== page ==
Wednesday, December 18, 2013


Well, here we are at Part Four of this incredible writing challenge.  I chose an untitled piece, and I sure can't think of what to call it, so I'll leave that for whoever finishes this up in Part 5.  I really hope someone does too--lots of ways this could end.  So, here is one started by Adrienne, continued by j, continued by Smoph, and lastly, by me.  It comes in now at 803 words.  Please enjoy.


Part 1 of 5 (Adrienne)

The trio looked at the fence in front of them.  It was a simple chain link, but it had to be about ten feet high, and the razor wire on top added another two feet.  He was expecting this, but he was not expecting to have two girls on his coat tails.  He could take care of himself, now he was pretty sure they would all die.

Except for his heavy breathing and the muffled sobs from the girls, it was silent.  The setting sun was hidden by an ominous sky, promising rain at any moment.  He knew what happened when the rain came, so he needed to move fast.  He surveyed the barrier one more time, but froze as the wind brought an all too familiar smell.  He turned to face the direction they were running from.  The trees edging the clearing began to sway as the wind picked up.  He could hear the soft pattering of rain on the leaves.  The air rushed out of his lungs as the storm descended upon them, bringing with it more than just wind and rain.  The three had to move now or accept certain death.

They were coming.

Part 2 of 5 (j)

He picked up one of the girls and hung her on the fence as high as he could reach.  Then he did the same with the other.  Knowing what was coming, he had to take a steadying breath before he started up.  A lost moment was better than panic.

At the top, he threw his coat over the razor wire.  It would help, a little.

He flipped himself over the fence.  He’d taken some damage but it wouldn’t kill him.  For a moment, he thought about leaving the girls.  The things coming out of the woods would find the girls first, give him a bigger head start.

Shit.  When had he gone soft?

He hung himself back over the fence.  The wind tore into him but it was that or what was left of his soul.

He stayed as still as possible while the girls climbed over him.  They were slow.  The sun was probably already down but it was hard to tell with the storm moving in.

Where were they?  Shouldn’t the damn things be on top of them already?

Finally, the girls were over the top.

He pulled himself off, ignoring what he left behind.  Then he dropped down and pulled the girls off the fence.

Part 3 of 5 (Smoph)

What they had to do was find shelter, and fast.  He didn’t fancy being out in inclement weather with these young girls and they were better off hidden from their pursuers.  He could see a barn, edges blurred in the falling dark.  Shelter and a hayloft to hide in were too appealing to pass up.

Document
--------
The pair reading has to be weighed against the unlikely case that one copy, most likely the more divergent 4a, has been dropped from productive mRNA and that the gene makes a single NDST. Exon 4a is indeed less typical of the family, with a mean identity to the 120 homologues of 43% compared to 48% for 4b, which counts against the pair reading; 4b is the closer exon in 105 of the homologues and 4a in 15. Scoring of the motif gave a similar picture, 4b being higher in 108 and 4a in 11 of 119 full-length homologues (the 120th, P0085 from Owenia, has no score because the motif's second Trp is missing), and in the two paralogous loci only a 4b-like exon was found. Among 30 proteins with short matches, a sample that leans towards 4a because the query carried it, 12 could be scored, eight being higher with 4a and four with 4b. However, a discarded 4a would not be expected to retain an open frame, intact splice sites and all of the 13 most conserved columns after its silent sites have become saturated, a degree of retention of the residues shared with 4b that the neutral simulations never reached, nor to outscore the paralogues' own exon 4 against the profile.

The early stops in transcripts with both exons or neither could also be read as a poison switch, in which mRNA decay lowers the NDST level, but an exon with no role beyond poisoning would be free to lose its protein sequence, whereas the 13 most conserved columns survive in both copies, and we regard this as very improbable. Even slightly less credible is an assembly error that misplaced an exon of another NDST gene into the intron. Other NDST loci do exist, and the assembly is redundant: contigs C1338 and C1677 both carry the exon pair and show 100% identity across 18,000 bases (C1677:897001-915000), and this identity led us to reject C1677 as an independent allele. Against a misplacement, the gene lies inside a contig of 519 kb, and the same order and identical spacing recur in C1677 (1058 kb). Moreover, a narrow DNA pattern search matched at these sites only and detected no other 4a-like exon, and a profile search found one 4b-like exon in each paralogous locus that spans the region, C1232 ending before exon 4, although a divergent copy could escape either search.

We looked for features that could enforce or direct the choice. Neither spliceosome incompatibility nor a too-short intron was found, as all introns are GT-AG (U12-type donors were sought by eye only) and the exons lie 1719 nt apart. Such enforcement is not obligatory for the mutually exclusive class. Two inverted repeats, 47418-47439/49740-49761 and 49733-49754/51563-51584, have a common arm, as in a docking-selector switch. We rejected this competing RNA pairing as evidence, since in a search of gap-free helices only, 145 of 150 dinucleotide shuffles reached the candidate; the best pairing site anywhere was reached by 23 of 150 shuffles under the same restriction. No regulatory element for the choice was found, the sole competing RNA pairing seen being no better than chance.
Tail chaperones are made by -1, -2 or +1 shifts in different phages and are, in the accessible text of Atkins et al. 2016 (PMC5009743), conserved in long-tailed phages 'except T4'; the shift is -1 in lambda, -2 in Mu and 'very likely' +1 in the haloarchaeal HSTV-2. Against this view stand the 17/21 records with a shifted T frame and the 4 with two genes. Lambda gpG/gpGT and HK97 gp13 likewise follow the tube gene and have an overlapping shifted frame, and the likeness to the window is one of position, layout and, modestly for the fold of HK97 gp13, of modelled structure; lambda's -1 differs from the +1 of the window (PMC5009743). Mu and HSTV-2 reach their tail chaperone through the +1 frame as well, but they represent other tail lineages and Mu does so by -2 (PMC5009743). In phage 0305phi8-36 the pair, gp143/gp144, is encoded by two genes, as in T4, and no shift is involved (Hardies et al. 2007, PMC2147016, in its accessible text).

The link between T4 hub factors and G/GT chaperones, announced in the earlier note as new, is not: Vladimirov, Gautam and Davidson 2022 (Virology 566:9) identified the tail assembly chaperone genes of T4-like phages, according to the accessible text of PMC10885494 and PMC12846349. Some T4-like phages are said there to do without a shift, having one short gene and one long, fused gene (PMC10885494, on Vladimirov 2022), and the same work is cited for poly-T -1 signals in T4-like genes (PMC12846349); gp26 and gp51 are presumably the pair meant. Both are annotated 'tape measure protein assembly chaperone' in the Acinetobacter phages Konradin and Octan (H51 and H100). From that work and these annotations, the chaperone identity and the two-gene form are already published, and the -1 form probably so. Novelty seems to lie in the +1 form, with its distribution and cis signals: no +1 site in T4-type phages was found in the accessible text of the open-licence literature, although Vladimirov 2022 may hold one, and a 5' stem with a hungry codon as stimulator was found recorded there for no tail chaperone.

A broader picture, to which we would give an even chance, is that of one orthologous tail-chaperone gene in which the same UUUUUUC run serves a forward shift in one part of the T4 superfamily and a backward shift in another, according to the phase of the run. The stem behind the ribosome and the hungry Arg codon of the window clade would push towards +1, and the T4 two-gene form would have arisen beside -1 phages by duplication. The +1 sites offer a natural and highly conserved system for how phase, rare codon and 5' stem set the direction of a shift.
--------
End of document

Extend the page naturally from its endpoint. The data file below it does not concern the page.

He set off at a slow jog, the girls struggling to keep pace, their tired feet dragging in the dirt.  He made them go around the barn, through a stand of trees behind, and in through a smaller back entrance with a door that squeaked traitorously.

They waited until it was dark before slowly edging the huge barn doors closed.  With a penlight that grew ever weaker, he showed them the way up to the hayloft, tucked them into some canvas and took watch.  He would wake one to take his place so he could catch a few hours later.  As a precaution, he pulled up the ladder.

An urgent tug on his arm and he was sitting bolt upright, straight from sleep.  Wide blue eyes looked to him out of a terrified face.  Beyond her, there was the squeal of a door on its hinges.  Their hiding place had been discovered.

Part 4 of 5 (me)

“Show yourself.”  The rancher’s voice was deep and menacing.  “I know you’re in here.  I can smell you.”

“Please,” the man said quietly, as he slid the ladder down.  “I have children with me.  We only seek shelter.”

He sent the girls down the ladder; both were crying.  Once he climbed down, he pushed the girls behind him.  He hoped he would be killed first.  He could not bear to witness the murder of innocents.

“I know who you are,” the rancher said.  “You are the ones being hunted.  Do you know what would be done to me if it became known I harbored such as you?”

The man knew all too well.

“I know they’re close,” the man began.  “But, if we move quickly, we can distance ourselves from you.  Or, let the young ones go and I will remain.  When they come, they will decorate you as a hero.”

Both girls wrapped their arms around the man’s legs tightly, tears streaming down their faces.

The rancher stepped back out of the doorway, motioning for them all to go.  The death of these humans would not be on his conscience.

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